This is the one that is often the most straightforward to people. It is basically what it sounds like. The content on the page of your site. If you want to rank for a search phrase, you need to have content that answers that search. Google’s job is to provide the best answer to user queries. To have the best answer, you need to have good unique content that covers the topic. As SEO has evolved it has become more specific. It is a good idea to have a page to address each way someone may search for you. What problems or issues do you have the solution for. Often an individual service may be a solution for many specific problems. A dentist does many things from general cleanings to dentures and sedation work. You should think about not only what services people may search for, but what problems they may be searching for the answers to if they don’t know what your service is called.
Content is king is the most common phrase in SEO since I started. It is becoming more and more important over time. This is the category where things like meta-tags and other types of content come into play. You want to make sure your content is digestible to the user. It is good to have all of the content there to answer user questions, but it is also to make it very clear how it is organized so a user can find the answer to their specific question very quickly on the page. Mixing in video and image content can also improve the experience and meet the user with the type of content they most like to engage with.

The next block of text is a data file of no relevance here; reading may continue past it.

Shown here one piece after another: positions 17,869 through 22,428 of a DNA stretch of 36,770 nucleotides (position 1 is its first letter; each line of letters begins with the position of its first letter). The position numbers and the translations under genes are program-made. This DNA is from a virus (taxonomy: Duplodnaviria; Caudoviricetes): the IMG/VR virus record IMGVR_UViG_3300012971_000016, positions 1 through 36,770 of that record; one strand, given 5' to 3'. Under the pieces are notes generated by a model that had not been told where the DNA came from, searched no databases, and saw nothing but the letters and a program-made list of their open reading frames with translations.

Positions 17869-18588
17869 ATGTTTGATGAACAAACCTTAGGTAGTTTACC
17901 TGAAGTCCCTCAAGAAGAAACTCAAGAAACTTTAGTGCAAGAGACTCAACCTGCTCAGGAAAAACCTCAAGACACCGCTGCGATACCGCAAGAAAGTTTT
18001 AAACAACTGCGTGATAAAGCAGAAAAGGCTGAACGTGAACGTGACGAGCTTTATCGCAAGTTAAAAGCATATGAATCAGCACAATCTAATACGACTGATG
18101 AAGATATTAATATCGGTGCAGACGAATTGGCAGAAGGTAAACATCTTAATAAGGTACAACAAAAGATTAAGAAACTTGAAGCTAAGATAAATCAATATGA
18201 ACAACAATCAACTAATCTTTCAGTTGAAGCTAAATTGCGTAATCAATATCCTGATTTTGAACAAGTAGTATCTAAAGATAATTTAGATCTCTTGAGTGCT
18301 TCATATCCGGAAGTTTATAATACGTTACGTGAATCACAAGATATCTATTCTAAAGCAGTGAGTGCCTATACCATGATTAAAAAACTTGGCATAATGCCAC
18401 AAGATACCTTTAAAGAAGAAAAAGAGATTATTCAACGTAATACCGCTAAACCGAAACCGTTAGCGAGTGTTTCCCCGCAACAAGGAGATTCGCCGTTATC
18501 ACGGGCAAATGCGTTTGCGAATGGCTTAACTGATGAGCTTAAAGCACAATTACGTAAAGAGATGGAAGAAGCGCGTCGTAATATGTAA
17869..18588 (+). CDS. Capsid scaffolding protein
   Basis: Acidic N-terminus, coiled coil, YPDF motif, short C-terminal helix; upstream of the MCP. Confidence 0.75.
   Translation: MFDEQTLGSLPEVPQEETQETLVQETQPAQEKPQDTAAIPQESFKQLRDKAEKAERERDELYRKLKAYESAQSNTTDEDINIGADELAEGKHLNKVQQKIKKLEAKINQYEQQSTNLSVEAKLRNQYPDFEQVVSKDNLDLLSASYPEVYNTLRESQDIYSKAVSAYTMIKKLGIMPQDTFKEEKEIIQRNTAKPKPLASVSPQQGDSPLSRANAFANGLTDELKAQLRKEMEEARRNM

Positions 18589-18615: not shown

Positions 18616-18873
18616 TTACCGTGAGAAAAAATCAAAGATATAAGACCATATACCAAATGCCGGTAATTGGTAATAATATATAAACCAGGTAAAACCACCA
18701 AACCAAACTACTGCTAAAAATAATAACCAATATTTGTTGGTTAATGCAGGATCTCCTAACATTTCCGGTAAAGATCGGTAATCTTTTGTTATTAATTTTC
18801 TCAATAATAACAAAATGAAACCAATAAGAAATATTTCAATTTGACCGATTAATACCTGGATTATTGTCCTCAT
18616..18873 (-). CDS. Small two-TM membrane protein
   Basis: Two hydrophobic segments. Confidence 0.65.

We will talk about external links in the off-page section, but linking easily from one page to the next within your site is better for user experience and also helps point Google to the important pages on your site. If you have blog posts discussing some finer points of one of your services, they should link back to your main service page when they come up in the content. It helps connect the subject ares easily for the user.